Chroogomphus rutilus

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Text © Pierluigi Angeli

 

 

English translation by Mario Beltramini

 

 

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The Chroogomphus rutilus is a little valued edible fungus © Giuseppe Mazza

Family: Gomphidiaceae Maire ex Jülich, (1982)

Genus: Chroogomphus (Singer) O.K. Miller (1964)

Chroogomphus rutilus (Schaeffer : Fries) Miller (1964)

The etymology of the name comes from the Latin word “rútilus” = reddish, flamboyant.

Commonly known under the name of chiodetto, chiodello for the Italians; gomphide rutilant for the French; gonfidio viscose, coma de perdiu, lerdeki marroi for the Spaniards.

Description of the genus

To the genus Chroogomphus belong fungi having a fleshy, more or less felted or glutinous and umbonate.

The decurrent gills on the stem, have an orange-ocher-pink colour which becomes blackish-brown when ripe. The flesh is orange, carmine-red when cut. The veil is fibrillous. The mycelial hyphae at the base of the stem are amyloid, the spore print is olive-grey.

Description of the species

Cap: 4-10 cm, initially hemispheric, then conical-campanulated, finally flat and also more or less depressed, with umbo; margin initially adherent to the stem, involute, then curved downwards and only belatedly outstretched. Smooth cuticle, viscous when the weather is humid, bright when the same is dry, fibrillose, of grey-brown, ochre-brown, vinous, colour, with copper reflexes or olivaceous shades.

Hymenium: thin gills, decurrent on the stem, thick, arcuate, intercalated by lamellulas; the colour goes from the olive ochre, olive-green to the blackish-brown when ripe.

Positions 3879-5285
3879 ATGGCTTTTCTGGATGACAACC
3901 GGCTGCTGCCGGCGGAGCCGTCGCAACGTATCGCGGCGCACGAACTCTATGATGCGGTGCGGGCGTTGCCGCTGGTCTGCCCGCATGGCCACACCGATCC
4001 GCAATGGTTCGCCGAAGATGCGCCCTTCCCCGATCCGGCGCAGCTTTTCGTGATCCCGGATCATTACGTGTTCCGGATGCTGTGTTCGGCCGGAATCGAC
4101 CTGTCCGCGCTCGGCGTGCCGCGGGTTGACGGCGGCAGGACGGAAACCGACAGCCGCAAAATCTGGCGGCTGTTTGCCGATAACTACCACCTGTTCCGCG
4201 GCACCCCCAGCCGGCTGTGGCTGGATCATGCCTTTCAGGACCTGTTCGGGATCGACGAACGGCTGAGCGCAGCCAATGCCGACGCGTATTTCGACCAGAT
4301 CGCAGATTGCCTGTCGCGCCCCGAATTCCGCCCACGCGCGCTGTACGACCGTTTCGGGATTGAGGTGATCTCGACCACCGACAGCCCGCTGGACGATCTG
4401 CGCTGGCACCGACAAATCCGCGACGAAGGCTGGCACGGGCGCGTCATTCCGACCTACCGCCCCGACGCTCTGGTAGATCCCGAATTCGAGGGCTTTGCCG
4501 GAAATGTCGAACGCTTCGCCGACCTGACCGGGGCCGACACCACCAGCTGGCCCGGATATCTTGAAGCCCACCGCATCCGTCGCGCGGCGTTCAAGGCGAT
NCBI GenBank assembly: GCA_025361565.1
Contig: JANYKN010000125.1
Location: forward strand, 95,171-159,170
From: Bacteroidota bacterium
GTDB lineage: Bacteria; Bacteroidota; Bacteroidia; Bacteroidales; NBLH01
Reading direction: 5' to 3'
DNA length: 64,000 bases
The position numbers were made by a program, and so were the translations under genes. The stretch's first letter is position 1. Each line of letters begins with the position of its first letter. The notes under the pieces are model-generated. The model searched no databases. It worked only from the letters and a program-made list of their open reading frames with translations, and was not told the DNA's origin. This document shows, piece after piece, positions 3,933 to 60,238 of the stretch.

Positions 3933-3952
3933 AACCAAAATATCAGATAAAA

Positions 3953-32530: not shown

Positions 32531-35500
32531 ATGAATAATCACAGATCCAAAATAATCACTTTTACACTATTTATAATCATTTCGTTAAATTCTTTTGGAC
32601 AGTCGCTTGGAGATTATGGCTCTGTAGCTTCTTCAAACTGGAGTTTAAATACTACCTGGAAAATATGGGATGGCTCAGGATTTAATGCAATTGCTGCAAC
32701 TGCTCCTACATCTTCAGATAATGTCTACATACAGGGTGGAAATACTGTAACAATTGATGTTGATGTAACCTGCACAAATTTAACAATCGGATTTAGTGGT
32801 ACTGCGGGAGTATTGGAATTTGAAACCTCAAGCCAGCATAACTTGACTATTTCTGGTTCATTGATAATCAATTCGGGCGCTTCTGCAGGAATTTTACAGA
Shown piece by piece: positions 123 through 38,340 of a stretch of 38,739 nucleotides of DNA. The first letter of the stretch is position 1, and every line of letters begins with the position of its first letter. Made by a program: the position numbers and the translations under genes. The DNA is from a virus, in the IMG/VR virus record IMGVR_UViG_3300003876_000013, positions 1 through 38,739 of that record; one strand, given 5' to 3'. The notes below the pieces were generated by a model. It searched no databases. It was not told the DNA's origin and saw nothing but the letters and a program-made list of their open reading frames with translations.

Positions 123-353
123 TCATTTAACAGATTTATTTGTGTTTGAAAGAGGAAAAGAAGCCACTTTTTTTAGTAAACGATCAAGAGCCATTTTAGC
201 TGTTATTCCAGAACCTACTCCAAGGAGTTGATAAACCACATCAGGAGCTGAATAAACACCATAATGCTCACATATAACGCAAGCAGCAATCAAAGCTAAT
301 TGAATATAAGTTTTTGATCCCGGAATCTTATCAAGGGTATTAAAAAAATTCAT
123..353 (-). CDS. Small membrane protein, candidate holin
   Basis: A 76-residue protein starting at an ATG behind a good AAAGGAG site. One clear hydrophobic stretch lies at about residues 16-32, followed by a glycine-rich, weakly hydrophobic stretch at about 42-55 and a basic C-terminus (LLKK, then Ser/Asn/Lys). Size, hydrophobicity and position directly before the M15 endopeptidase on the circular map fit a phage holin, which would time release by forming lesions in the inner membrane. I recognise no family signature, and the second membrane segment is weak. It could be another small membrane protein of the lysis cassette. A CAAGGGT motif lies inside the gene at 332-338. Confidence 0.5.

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Much common, it grows in summer and autumn under two-needle pines © Giuseppe Mazza

Stem: 5-10 x 1-2 cm, slender, cylindroid, attenuated at the base, full; surface rather viscid, fibrillose, with thin scales arranged in a zigzag, concolorous to the cap, more wine-red in the upper part, yellowish at the base, at times decorated with remnants of the veil which form an annular zone in the upper part in the young fungus.

Flesh: firm, compact, mushy when ripe, fibrous in the stem, of orange-ochre, salmon-pink, colour, finally, in the ripe specimens, also wine-red, yellow or chrome-yellow at the stem base. No distinct smell, mild nutty flavour.

Habitat: quite common species, it grows, in summer and in autumn, under two-needle pines: Pinus pinea in Mediterranean environment; Pinus nigra and Pinus sylvestris in the mountains.

Edibility: edible, but of poor value.

Spores: brownish at the microscope, spindle-shaped, ellipsoidal, smooth, guttulate, (13)-15-19 × 6-7,5 µm.

Basidia: clavate, tetrasporic, without joint-buckles, 50-63 × 11-14,5 µm.

Cheylocistidia and Pleurocystidia: nume- rous, cylindroid, just ventricose, encrusted, 127,5-147,5 × 15-20 µm. Bilateral lamellar texture. Olive-brown spores in mass.

Remarks: it is a fungus growing exclusively in symbiosis with two-needle pines, in the mountains as well as in the Mediterranean zone.

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Chroogomphus rutilus basidia, pleurocystidia and cheylocistidia, and spores © Pierluigi Angeli

It is easily identifiable due to the greasy cap in wet weather, bright when the same is dry, to the colour going from the lateritious to the red-wine and to the chrome-yellow flesh at the base of the stem.

It may be mistaken with: Chroogomphus helveticus (Singer) M.M. Moser, which, however, is smaller and has a velvety, fibrillous cap, just viscid in wet weather, of orange yellow colour, staining of reddish when rubbed; the gills are paler, blackish when ripe; tomentose stem with colour similar to that of the cap, when touched, it stains of orange brown and then darkens; firm flesh, orange ochre, darker at the base of the stem. The Chroogomphus rutilus fo. fulmineus (Heim) Courtecuisse, much similar, however smaller, has much strong red coloured cap, at times almost blackish in the centre, with vermilion red or bright orange shades, without umbo, the orange-yellow flesh which, if in contact with ammonia, turns to violet, it also grows under two-needle pine in Mediterranean environment.

Synonyms: Agaricus rutilus Schaeffer (1774) (basionym); Gomphidius viscidus (Linnaeus) Fries (1838); Gomphidius rutilus (Schaeffer) S. Lundell (1937).

 

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The photographic file of Giuseppe Mazza

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